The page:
After three and a half years of debates, delays, and demands, the United Kingdom will finally leave the European Union tomorrow, Jan. 31, 2020. The final arrangements are messy, but also guarantee success at a fair price for Brexiters.
Nearly half of those who voted to leave the EU on June 23, 2016, said they did so because they believe that decisions made for the UK should be made within the UK. Others voted to take back control of their immigration laws.
Gaining the freedom of self-determination comes at a cost — for the United States, that cost was the Revolutionary War. Though the UK likely will not have to shed blood for its independence from the EU, it will have to fork out billions to the bloc. It also risks its relations with Northern Ireland and Scotland.
As Brexit Party Leader Nigel Farage said, maintaining national sovereignty and rallying against globalist governments are critical to preserve freedom, as demonstrated by the World Wars. “Social democratic politics that have overtaken Britain, Europe, and America were happy to give that all away,” he told Inside Sources in 2017. Farage is right on both points.
This version of Brexit is certainly not a clean divorce from the globalist, unrepresentative EU that many Leavers dreamt of and voted for in 2016. But then again, no divorce is.
A strongly-Remain parliament stalled the process of Brexit for the past 42 months. Prime Minister Boris Johnson called for an election last December, which brought a sweeping victory for his Conservative Party. The election was historic, booting many Remainers from office and paving the way for a pro-Brexit Parliament to pass a bill.
Johnson’s Withdraw Agreement Bill passed through Parliament unamended on Friday, Jan. 22. Then Brussels passed the terms of the Brexit deal by a massive margin, 621 to 49, on Wednesday. Britain will be officially out of the EU on Friday.
For the past 47 years, bureaucrats in Brussels have had the final say on UK’s labor, immigration, and environmental policies. But the EU has shown countless times its inability to manage much of anything — recall its mismanagement of the refugee crisis from 2015 – 16.
Now, the UK will have the right to determine its own immigration, environmental, trade, and labor policies, as any nation should have the right to do.
The UK will abide by the European Union’s regulations until the end of 2020. This transition period is necessary for the UK to form trade deals with the EU and other nations. Johnson’s deal does not allow for another extension of the transition period beyond December 2020, meaning Britain will not be entangled in the EU’s policies for much longer than it needs to negotiate deals. And the UK won’t slip back into the bloc.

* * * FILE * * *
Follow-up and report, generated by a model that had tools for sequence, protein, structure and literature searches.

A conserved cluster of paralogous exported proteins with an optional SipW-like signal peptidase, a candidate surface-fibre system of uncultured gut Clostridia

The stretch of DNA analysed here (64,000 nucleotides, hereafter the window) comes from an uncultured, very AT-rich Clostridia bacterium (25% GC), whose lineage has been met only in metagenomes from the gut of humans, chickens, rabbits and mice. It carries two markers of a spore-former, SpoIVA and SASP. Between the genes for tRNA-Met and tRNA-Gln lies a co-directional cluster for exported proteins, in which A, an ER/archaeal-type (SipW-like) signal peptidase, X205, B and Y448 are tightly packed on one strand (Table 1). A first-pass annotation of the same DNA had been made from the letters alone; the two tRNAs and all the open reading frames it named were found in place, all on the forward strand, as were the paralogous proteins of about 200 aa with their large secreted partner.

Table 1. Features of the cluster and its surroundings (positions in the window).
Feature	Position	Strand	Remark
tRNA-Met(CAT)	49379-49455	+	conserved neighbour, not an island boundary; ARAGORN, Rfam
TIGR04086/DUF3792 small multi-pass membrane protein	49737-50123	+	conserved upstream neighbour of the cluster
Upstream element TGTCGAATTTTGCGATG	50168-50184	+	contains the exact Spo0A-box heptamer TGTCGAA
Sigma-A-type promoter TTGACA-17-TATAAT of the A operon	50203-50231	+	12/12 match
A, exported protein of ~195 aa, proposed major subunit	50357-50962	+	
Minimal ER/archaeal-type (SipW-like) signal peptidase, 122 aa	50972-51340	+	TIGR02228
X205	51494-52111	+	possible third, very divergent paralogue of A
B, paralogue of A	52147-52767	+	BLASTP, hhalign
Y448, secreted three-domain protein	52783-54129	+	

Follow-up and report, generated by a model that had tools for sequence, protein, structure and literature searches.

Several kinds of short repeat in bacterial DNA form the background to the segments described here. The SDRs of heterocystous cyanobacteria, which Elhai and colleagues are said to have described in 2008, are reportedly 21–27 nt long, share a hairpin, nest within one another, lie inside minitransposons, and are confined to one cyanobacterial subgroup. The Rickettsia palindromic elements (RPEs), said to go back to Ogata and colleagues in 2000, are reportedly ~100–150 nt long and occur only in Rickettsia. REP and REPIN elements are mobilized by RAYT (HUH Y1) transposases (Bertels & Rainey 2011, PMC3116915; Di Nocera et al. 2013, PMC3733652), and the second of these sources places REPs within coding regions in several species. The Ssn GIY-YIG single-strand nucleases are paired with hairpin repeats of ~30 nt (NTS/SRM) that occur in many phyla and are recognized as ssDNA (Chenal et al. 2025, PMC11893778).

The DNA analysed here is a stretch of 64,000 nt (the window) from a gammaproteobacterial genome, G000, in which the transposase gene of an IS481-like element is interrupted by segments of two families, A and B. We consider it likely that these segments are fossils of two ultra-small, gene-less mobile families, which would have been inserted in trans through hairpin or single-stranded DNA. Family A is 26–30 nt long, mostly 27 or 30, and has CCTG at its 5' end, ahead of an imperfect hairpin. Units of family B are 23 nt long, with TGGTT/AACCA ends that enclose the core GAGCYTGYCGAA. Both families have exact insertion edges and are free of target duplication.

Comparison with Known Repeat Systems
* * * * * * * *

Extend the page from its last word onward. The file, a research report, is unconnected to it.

But leaving comes at a cost. The UK will have to pay its yearly dues to the EU for 2019 and 2020, costing more than $22 billion combined — more than half of the $43 billion financial settlement to the bloc.
It’s also important to note how the deal impacts relations between regions within the UK. Disputes between Britain and Northern Ireland, called “the Troubles,” tore apart communities along the border as recently as two decades ago — well within the lifetime of many Gen‑Z’ers. The EU brought peace between the Nationalists, individuals who want to unite Ireland and typically identify as Irish Catholics, and the Loyalists, those who identify as British Protestants. Britain and Ireland’s membership in the EU assured free trade across the border of Britain and Northern Ireland.
Free trade and free movement across this border must be the first thing Britain addresses to protect the region from another bloody conflict.
And Trident, the UK’s main nuclear deterrent system — which includes four submarines as well as missiles and warheads — are located at a naval base in Scotland. Further, Scotland’s 2014 referendum on whether or not to remain in the UK was predicated on the UK’s membership within the EU. Many predict a second Scottish referendum to create an independent Scotland that would potentially rejoin the EU.
Whether or not the EU’s laws were beneficial to the UK, it’s the duty of a body of people to decide these regulations for themselves — not legislators from far-off countries, with no knowledge or connection to the British people.
The Brexit Johnson delivered isn’t entirely what Leavers wanted, or what it could have been with a better deal. Britain is learning for themselves that achieving national sovereignty — freedom for one’s country and its people — isn’t free. But it is worth it.
Alex Nester is a senior studying economics. She is the opinions editor for The Collegian.